Thursday, 23 February 2012 17:25

New Orleans Operagoers to Find Out in Strauss’ SALOME

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Mlada-Khudoley“Will she or won’t she?” That is the question most often asked before each performance of Richard Strauss’ one-act opera, SALOME.

Will the title character take it ALL off at the conclusion of the opera’s signature “Dance of the Seven Veils”? Three sopranos in recent times already HAVE: Americans Catherine Malfitano and Maria Ewing and Finland’s Karita Mattila, and their decision to do so probably made them more famous than their actual singing.

 Will it happen here in New Orleans? Opera fans will just have to wait till either March 2 or 4 to find out. Tickets are now on sale for SALOME from the New Orleans Opera Association or directly from the box office of the Mahalia Jackson Theater for the Performing Arts. Show times are 8 p.m. Friday, March 2 and 2:30 p.m. Sunday, March 4. The opera will be sung in German, with English supertitles (translations) projected above the stage.

In all likelihood, Russian-born soprano Mlada Khudoley will conclude the sensuous, eight-minute dance in a sheer stocking suit like nearly all others who sang the Salome role since its 1905 premiere in Dresden. Nonetheless, no harm in fantasizing, is there? After all, there IS a precedent in New Orleans. Carol Neblett’s “take it all off” Kodak moment in Massenet’s THAIS in 1973 made international headlines (not to mention riling up the strippers on Bourbon Street who protested the unfair competition).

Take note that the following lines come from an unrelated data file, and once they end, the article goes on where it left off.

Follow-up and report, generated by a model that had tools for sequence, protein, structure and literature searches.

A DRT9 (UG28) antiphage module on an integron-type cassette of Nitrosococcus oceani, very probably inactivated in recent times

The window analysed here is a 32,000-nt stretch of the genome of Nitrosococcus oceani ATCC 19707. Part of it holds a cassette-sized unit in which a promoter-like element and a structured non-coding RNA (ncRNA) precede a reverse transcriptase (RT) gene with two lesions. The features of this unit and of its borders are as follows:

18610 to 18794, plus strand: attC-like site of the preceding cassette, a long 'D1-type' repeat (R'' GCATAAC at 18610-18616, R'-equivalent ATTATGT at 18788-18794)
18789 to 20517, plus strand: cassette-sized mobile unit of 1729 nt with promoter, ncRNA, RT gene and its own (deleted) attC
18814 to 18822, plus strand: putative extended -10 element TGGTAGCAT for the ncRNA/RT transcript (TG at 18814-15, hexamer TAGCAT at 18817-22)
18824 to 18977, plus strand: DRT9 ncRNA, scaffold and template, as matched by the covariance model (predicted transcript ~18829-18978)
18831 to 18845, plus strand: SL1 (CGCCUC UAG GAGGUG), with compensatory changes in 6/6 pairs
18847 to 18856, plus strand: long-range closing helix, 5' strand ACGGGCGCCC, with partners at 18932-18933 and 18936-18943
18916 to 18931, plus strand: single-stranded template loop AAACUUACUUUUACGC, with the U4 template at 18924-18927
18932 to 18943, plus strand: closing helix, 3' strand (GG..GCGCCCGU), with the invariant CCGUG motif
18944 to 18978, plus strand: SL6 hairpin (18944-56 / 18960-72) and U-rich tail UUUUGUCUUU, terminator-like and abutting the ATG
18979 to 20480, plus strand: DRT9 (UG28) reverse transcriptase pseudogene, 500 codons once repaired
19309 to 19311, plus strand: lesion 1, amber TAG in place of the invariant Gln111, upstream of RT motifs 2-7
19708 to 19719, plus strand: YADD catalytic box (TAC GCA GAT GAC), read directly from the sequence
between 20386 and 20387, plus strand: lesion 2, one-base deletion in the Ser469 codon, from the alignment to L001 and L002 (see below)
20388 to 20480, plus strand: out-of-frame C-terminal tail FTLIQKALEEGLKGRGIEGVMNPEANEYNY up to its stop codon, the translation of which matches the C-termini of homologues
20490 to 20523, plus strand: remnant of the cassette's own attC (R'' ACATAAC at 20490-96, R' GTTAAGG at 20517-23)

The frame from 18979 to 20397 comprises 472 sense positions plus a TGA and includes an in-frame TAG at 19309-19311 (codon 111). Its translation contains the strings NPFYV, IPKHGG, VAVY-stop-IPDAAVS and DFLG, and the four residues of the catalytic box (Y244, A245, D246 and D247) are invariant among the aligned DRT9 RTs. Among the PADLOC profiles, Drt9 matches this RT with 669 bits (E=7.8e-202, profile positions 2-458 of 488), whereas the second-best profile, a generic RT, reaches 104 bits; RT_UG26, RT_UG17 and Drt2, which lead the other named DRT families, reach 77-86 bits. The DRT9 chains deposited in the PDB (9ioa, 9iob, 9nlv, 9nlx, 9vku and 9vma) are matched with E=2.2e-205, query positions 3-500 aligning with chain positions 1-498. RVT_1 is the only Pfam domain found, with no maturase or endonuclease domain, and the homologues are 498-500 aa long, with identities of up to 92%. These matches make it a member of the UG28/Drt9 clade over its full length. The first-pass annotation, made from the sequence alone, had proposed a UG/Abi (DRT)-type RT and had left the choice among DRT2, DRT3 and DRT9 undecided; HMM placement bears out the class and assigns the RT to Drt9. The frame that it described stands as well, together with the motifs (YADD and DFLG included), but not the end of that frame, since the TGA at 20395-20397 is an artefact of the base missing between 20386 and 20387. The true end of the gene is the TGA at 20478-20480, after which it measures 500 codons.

However, rather than continuing to focus on the prurient, there is another scene in the opera that is, believe it or not, even more controversial. And morbid! I won’t go into detail about what Salome does with the decapitated head of the man she loves but it’s more than enough to have shocked audiences for over a century, not to mention get her killed (at least in the opera, anyway, not in real life).

The story, which Strauss adapted from Oscar Wilde’s 1896 play of the same name, comes from biblical references in the books of Mark and Matthew and the historical account of Flavius Josephus. The real-life Salome was the daughter of Herodias who, in violation of Hebrew customs at the time, left her husband to marry King Herod in the early 1st century A.D. This earned for Herodias the wrath of John the Baptist who, in the process, made an enemy of the most powerful woman in Judea. So, when Salome performed her 1st century burlesque number at Herod’s birthday party and actually DID take all seven veils off her nubile young body, the lecherously smitten king vowed to give her anything she wanted. After a brief consultation with her mother, the girl’s request was the head of John the Baptist on a platter. And it was done.